Color space transformations between imaging devices are dependent on the illuminants used. The mismatch of white points is a frequently encountered problem. It happens in situations where the measuring and viewing of an object are under different illuminants, the original and reproduction use different illuminants, and the different substrates are under the same illuminant. Normally, this problem is dealt with by chromatic adaptation in which the illumination difference is treated with an appearance transform.
Chromatic adaptation deals with the visual sensitivity regulation of the color vision such as the selective, yet independent, changes in responsivity of cone photoreceptors with respect to surround and stimuli. For example, a photographic scene viewed under different illuminants (e.g., tungsten lamp versus daylight D65) looks pretty much the same in spite of the fact that the reflected light is very different under these two illuminants. This is because our eyes have adapted under each condition to discount the illuminant difference. This is known as the âcolor constancyâ of human vision. To understand and, therefore, to predict the color appearance of objects under a different illuminant is the single most important appearance-matching objective. It has many industry applications, such as the cross-rendering between different media. There are two main approaches; one is the chromatic adaptation employing visual evaluations, and the other one is a mathematic computation of the color constancy (or white conversion). The main goal of the computational color constancy is to predict the object's surface reflectance. If the surface spectrum is known, the correct tristimulus can be computed under any adapted illumination. The computational color constancy will be presented in Chapter 12. This chapter reviews methods of chromatic adaptation with an emphasis on the mathematical formulation. Several models, ranging from the von Kries hypothesis to the Retinex theory, are presented.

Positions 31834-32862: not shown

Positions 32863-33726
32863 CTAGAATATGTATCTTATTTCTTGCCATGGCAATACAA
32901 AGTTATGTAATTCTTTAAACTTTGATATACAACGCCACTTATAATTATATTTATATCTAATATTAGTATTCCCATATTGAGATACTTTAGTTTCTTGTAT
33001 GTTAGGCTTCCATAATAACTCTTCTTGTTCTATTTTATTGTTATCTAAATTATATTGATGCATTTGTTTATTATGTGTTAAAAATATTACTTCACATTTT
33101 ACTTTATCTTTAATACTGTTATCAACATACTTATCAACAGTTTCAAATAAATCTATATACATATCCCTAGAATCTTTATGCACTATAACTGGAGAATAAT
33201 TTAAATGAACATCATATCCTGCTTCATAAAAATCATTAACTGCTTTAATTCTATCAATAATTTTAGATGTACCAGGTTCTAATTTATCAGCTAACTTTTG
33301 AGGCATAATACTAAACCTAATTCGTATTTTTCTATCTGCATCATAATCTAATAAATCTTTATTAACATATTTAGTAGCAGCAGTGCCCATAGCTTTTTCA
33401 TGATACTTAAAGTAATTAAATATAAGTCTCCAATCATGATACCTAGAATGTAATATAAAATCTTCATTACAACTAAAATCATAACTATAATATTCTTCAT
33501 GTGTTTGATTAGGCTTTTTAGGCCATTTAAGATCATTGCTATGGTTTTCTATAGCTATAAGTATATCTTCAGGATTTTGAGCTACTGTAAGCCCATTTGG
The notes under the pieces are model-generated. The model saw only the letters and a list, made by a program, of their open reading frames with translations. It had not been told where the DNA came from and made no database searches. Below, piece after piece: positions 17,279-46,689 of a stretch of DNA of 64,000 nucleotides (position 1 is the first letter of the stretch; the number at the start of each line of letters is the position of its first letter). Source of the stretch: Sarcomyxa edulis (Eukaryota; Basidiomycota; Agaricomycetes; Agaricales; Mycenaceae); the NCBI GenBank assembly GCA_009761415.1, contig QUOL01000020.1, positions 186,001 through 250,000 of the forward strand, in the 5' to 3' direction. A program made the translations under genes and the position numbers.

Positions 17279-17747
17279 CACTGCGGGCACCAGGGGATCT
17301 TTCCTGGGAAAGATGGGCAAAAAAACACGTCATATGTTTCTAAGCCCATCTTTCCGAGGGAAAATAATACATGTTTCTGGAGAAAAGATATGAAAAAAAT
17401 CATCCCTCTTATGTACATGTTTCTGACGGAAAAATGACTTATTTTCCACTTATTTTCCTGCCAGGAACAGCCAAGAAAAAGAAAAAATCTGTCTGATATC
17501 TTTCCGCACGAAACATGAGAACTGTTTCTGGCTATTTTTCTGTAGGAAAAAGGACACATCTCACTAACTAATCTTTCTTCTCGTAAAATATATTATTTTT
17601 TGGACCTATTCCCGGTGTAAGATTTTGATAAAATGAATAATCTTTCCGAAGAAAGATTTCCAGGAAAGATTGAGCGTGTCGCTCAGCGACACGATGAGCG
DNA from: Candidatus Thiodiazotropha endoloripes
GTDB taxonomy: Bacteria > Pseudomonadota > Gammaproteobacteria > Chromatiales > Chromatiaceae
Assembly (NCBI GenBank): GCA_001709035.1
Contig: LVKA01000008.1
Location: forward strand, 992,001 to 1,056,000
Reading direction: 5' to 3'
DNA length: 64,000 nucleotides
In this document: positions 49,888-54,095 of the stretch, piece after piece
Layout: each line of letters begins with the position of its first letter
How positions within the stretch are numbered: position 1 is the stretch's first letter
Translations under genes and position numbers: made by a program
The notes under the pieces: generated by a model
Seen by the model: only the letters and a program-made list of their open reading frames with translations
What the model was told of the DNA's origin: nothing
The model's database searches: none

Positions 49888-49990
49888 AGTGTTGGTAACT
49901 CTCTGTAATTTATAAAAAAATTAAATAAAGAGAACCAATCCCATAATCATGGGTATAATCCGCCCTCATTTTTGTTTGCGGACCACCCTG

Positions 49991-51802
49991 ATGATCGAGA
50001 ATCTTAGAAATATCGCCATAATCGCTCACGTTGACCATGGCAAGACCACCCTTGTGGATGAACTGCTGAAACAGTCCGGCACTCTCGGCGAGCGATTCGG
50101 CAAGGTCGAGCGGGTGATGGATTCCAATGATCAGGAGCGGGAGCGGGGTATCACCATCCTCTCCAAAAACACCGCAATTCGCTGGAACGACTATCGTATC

4.1 Von Kries Hypothesis
There are numerous methods developed for the chromatic adaptation that can be found in many color textbooks. The most important one is the von Kries hypothesis, which states that the individual components present in the organ of vision are completely independent of one another and each is adapted exclusively according to its own function.
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